Battery makers say methods, supply chains flow
The industry is striving to make the historic transition from internal combustion vehicles to electric vehicles. John Bozzella, CEO of the Automotive Innovation Alliancetold the audience that automakers and suppliers are looking to spend $515 billion to prepare for the age of electric vehicles.
Panasonic, which is the main battery maker for segment leader Tesla, said last month it would spend $4 billion to build its second electric vehicle battery plant in Kansas.
Janet Lin, Panasonic’s vice president of strategy and business development, told the audience that Panasonic is gearing up to quadruple its battery capacity, and US production will be a big part of that.
“Battery innovation is not limited to battery technology and the material itself,” Lin said. “It’s also in the design and construction of the factories and the manufacturing lines, and in the training and management of the workforce to be able to operate these factories.”
She said Panasonic intends to continue to evolve its production processes and equipment to achieve higher line speeds and greater automation.
“And we will continue to work on our gross mass multi-sourcing as well as increasing our local sourcing rate,” she said. “But that alone is not enough for us to meet the demand we are seeing.”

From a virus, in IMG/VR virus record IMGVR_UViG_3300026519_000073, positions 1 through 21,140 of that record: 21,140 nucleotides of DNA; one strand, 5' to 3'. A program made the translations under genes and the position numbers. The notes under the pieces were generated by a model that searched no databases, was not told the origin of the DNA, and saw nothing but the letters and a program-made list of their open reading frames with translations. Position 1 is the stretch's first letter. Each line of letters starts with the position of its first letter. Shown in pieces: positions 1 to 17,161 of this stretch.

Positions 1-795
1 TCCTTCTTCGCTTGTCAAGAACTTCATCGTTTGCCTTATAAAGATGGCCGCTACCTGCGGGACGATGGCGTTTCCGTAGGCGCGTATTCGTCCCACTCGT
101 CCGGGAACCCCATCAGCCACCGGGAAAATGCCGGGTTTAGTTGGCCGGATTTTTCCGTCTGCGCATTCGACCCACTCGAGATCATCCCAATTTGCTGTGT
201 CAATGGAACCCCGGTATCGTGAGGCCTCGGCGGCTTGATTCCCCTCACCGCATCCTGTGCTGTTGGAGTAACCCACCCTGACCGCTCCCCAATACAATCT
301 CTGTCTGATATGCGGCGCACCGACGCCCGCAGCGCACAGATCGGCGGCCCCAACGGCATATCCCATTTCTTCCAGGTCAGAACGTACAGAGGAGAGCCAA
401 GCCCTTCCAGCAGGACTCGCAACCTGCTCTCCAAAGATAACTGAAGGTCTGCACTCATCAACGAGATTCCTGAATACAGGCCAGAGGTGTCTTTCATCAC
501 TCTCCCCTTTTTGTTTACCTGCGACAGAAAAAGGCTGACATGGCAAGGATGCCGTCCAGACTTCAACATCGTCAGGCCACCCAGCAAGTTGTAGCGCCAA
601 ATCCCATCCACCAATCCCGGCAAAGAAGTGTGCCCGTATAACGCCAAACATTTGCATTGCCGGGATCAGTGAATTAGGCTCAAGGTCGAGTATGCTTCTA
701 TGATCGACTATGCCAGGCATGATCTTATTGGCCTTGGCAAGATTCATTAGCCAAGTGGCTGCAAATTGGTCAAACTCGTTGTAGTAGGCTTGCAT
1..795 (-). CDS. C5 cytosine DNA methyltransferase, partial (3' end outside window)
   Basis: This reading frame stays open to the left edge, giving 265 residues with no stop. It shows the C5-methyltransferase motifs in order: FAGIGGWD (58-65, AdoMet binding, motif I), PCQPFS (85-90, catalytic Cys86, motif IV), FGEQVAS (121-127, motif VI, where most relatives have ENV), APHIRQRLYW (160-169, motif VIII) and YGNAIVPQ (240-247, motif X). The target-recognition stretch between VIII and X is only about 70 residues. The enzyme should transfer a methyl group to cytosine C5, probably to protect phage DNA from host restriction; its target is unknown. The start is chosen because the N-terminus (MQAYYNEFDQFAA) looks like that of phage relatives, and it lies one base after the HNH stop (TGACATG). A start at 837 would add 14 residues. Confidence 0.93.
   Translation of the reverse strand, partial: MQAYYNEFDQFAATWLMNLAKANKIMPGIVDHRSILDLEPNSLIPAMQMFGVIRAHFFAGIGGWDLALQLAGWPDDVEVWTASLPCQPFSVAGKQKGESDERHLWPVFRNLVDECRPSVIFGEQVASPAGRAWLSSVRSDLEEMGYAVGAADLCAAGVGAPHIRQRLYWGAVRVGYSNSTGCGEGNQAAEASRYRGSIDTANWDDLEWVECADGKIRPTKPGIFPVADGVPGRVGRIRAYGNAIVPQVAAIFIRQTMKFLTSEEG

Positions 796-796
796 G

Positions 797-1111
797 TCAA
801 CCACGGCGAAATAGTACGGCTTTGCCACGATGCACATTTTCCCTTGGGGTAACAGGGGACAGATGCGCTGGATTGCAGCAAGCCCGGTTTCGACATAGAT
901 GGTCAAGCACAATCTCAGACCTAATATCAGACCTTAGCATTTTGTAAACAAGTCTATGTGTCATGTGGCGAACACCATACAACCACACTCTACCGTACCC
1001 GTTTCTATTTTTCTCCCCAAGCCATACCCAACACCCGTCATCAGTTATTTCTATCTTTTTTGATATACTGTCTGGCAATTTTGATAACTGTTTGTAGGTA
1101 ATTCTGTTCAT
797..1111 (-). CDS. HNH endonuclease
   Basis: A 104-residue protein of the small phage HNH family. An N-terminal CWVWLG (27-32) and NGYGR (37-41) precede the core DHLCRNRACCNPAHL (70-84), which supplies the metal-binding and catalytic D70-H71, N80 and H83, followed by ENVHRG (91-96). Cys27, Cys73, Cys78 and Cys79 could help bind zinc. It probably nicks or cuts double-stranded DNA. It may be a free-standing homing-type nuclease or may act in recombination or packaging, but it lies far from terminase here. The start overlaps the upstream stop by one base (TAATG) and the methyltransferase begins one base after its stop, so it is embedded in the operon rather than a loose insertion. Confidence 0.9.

She urged the U.S. government to ease its tariffs on battery materials produced overseas until U.S. industry can catch up.
“We encourage the United States to continue to further encourage the development of new sources as well as domestic recycling operations,” she said. “We need more cost-effective access to key global inputs – for example, to reduce or eliminate tariffs on key battery materials that are not yet available or not yet qualified at the scale levels we need. “
Cobalt supply has become a thorny issue in the creation of electric vehicles. The ingredient is crucial for battery production, but much of it comes from overseas mines that have poor human rights records.
Weinberger said GM’s Ultium batteries use 70% less cobalt than the automaker’s previous generation batteries. And GM will continue to improve the chemistry to further reduce it over the next few years.
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